On November 4, 2008, I was in love with the future. I was eighteen, nearing the end of my first semester in college, and I had just voted in my first election for a man who embodied grace and optimism. The night that Barack Obama was elected, I gathered with hundreds of my peers in an auditorium on Reed College’s campus while the CNN projections played out. When it was announced that Obama would be our forty-fourth president, we all rose to our feet in unison and began to cheer and hug one another. It was the most profound sense of unity I have ever felt in my life.
Eight years and some odd weeks later, things feel very different. I am nearing my five-year mark out of college, working for an hourly wage (and thus entirely dependent on the ACA for healthcare), and deeply disillusioned with the future. Trump’s election symbolizes a regime of white supremacy, misogyny, and capitalistic oppression that I thought we had been in the process of dismantling. But in an age of internet trolling, fake news, anti-intellectualism, and strong opposition to fact, it is no surprise that America sought refuge in a bully’s fist.
Hope, like most things, is a construct and its permeation around my life and the lives of those around me is not something that can be given. It is also not something that can be taken away.
As devastated as I am, however, I often think of what might have happened if my side won, leaving some of my most fundamental ideals unchallenged. I might have continued on with my life, not recognizing the myriad injustices occurring in our “progressive” society; I might have been comfortable sitting back in a continued state of relative apathy; I might have not returned to an active and participatory model of citizenship; I might have not opened up the blank document.
I am fearful for what lies ahead and in these past few months, it has been difficult to access the same optimism that enabled me to feel secure and in love with my future at one time. But I now realize that hope, like most things, is a construct and its permeation around my life and the lives of those around me is not something that can be given. It is also not something that can be taken away. And so, I look around to the things that still motivate me: the ticking clock, the blank page, and the looming and ever-present reminder of the work that is yet to be done.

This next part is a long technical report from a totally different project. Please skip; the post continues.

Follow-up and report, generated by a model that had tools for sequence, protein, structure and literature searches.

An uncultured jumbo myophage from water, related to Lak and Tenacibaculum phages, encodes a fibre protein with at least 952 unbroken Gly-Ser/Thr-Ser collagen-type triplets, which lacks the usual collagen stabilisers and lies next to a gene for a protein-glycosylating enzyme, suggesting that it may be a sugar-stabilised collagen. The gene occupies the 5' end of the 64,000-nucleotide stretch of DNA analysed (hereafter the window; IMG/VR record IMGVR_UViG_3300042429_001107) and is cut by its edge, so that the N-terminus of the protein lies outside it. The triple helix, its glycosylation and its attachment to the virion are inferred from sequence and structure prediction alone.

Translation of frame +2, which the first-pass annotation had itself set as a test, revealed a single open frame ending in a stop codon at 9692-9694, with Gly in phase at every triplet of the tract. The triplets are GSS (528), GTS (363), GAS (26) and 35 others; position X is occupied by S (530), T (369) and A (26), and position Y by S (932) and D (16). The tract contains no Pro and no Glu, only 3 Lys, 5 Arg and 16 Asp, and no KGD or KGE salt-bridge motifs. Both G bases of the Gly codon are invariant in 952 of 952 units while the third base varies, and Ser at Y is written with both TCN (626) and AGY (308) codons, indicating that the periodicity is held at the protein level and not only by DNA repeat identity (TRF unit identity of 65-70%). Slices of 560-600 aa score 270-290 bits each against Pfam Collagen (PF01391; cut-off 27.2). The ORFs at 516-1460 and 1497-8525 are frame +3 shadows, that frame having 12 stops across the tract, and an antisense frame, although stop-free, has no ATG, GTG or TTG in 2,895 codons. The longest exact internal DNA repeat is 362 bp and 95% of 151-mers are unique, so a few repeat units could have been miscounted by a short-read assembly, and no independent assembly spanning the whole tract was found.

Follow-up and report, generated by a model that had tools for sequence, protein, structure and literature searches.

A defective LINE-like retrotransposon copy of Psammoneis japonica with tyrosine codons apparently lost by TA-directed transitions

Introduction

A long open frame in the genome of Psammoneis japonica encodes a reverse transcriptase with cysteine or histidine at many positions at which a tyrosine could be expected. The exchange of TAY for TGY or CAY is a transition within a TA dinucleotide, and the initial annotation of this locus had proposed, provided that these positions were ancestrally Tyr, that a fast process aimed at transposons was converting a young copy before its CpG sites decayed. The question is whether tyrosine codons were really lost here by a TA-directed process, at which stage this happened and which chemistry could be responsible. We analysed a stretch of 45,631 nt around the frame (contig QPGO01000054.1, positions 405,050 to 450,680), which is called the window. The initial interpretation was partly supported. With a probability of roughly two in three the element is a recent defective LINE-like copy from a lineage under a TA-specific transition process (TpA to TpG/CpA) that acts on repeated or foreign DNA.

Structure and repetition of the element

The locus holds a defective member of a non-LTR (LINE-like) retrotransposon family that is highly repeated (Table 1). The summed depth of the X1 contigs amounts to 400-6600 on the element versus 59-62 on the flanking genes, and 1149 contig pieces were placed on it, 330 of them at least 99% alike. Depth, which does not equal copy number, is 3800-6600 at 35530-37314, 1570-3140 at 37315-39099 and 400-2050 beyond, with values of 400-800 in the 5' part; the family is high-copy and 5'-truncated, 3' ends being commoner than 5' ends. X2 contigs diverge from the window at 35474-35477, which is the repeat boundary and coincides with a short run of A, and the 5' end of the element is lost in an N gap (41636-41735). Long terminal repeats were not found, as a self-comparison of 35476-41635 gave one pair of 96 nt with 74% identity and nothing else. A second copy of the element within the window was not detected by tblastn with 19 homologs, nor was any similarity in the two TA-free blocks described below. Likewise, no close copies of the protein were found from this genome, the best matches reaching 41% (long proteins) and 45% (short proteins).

I hope you view this and all of the blank pages that have been filled–now and in the future–with the same solace and skepticism that will ultimately act as the vehicles for authentic and irreversible human progress.
Nightingale was founded by a dear friend of mine who endured several sleepless nights in November thinking about what work she could do, what change she might affect. I was and continue to be inspired by her efforts, despite her demanding and often distressing lifestyle as a nurse, and her initiative made me realize that I spent much of the last eight years being too comfortable and willing to let other people do the work for me. I am no longer excused from participating.
I hope you view this and all of the blank pages that have been filled–now and in the future–with the same solace and skepticism that will ultimately act as the vehicles for authentic and irreversible human progress. May our future selves look back on this moment and see the products displayed in Nightingale as labors of love and proof of perseverance in the face of adversity. May the sicknesses of the world be healed with dedication and humility.
Stay radical and always be kind,
Editor, Foundation Director